The New York Times
Printer Friendly Format Sponsored By

February 15, 2007

Debate Over Children and Psychiatric Drugs


Early on the morning of Dec. 13, police officers responding to a 911 call arrived at a house in Hull, Mass., a seaside town near Boston, and found a 4-year-old girl on the floor of her parents’ bedroom, dead.

She was lying on her side, in a pink diaper, the police said, sprawled across some discarded magazines and a stuffed brown bear.

Last week, prosecutors in Plymouth County charged the parents, Michael and Carolyn Riley, with deliberately poisoning their daughter Rebecca by giving her overdoses of prescription drugs to sedate her.

The police said the girl had been taking a potent cocktail of psychiatric drugs since age 2, when she was given a diagnosis of attention deficit disorder and bipolar disorder, which is characterized by mood swings.

The parents have pleaded not guilty, with their lawyers questioning whether the child should have been prescribed such powerful drugs.

The case has shaken a region known for the excellence of its social and medical services. The director of the state’s Department of Social Services has had to defend his agency, which had been investigating the case before the girl’s death.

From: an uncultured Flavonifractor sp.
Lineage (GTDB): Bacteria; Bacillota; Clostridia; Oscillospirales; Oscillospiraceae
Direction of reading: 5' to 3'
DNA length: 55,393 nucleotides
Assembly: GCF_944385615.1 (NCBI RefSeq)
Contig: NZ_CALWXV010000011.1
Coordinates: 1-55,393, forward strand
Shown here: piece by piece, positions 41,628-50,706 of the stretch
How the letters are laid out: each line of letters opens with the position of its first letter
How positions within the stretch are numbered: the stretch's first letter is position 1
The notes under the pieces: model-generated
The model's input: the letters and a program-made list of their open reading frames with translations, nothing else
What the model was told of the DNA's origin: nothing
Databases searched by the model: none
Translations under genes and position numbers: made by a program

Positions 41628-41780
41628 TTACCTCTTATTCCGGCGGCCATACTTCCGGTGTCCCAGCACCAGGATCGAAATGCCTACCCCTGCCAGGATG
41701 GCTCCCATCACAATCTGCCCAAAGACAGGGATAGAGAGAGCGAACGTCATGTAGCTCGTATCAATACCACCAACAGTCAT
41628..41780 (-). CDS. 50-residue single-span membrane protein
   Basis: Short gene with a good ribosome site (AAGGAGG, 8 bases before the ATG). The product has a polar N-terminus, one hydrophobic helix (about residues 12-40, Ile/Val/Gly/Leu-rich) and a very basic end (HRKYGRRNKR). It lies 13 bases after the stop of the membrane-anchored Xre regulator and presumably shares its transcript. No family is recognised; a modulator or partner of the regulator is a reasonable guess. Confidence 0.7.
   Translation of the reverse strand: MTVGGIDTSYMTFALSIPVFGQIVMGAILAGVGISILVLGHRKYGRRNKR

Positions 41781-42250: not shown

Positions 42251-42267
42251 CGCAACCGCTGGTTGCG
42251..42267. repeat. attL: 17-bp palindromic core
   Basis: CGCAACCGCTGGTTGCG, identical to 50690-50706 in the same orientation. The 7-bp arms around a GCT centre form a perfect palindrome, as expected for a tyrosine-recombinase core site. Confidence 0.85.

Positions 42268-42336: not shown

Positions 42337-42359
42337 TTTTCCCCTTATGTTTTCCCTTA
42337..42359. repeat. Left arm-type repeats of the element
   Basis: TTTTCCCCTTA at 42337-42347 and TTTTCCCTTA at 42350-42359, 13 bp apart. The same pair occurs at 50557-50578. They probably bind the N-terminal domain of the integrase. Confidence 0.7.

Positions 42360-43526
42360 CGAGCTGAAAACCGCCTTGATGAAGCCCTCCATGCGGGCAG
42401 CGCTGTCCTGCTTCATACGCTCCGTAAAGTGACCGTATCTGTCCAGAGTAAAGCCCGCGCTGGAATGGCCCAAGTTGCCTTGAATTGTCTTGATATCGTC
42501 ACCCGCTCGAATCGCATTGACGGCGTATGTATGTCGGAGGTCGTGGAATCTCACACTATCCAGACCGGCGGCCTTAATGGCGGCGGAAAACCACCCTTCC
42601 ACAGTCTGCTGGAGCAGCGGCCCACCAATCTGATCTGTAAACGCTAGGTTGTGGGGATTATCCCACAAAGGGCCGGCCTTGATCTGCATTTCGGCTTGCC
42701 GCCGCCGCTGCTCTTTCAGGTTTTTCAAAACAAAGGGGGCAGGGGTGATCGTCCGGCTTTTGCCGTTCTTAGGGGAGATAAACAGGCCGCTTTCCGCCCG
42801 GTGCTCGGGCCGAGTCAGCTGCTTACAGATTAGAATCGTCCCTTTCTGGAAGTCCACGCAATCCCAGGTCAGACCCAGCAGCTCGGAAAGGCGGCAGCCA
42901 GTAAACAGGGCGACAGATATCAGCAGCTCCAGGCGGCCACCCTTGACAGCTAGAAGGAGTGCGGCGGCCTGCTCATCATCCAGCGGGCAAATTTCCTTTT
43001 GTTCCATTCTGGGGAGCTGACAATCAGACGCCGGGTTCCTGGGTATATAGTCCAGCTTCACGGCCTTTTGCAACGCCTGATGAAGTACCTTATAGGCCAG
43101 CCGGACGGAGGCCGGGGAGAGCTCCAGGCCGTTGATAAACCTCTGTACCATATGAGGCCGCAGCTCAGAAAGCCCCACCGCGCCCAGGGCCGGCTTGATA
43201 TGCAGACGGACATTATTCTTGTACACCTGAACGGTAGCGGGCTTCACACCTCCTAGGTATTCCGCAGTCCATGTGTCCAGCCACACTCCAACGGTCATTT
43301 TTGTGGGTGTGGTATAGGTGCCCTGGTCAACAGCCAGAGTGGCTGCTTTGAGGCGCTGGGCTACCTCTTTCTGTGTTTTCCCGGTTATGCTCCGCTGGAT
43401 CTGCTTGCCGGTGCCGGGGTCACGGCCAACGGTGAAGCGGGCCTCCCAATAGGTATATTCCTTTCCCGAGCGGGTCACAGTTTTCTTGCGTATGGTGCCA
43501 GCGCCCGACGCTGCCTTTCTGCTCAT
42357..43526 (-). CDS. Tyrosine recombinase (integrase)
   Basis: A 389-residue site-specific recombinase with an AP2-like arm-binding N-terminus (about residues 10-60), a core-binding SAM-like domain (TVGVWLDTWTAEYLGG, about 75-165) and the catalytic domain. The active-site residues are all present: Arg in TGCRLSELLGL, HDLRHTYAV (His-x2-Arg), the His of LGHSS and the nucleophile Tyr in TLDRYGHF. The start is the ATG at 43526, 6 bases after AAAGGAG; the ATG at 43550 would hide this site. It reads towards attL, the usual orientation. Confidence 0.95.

The girl’s treating psychiatrist has taken a voluntary, paid leave until the case is resolved. And New Englanders are raising questions that are now hotly debated within psychiatry, and which have broad implications for how young children like Rebecca Riley are cared for.

Tufts-New England Medical Center, where the child was treated, released a statement supporting its doctor and calling the care “appropriate and within responsible professional standards.”

Indeed, the practice of aggressive drug treatment for young children labeled bipolar has become common across the country. In just the last decade, the rate of bipolar diagnosis in children under 13 has increased almost sevenfold, according to a study based on hospital discharge records. And a typical treatment includes multiple medications.

Rebecca was taking Seroquel, an antipsychotic drug; Depakote, an equally powerful mood medication; and Clonidine, a blood pressure drug often prescribed to calm children.

The rising rates of diagnosis and medication use strike some doctors and advocates for patients as a dangerous fad that exposes ever-younger children to powerful drugs. Antipsychotics like Seroquel or Risperdal, which are commonly prescribed for bipolar disorder, can cause weight gain and changes in blood sugar — risk factors for diabetes.

Some child psychiatrists say bipolar disorder has become an all-purpose label for aggression.

“Bipolar is absolutely being overdiagnosed in children, and the major downside is that people then think they have a solution and are not amenable to listening to alternatives,” which may not include drugs, said Dr. Gabrielle Carlson, a professor of psychiatry and pediatrics at Stony Brook University School of Medicine on Long Island.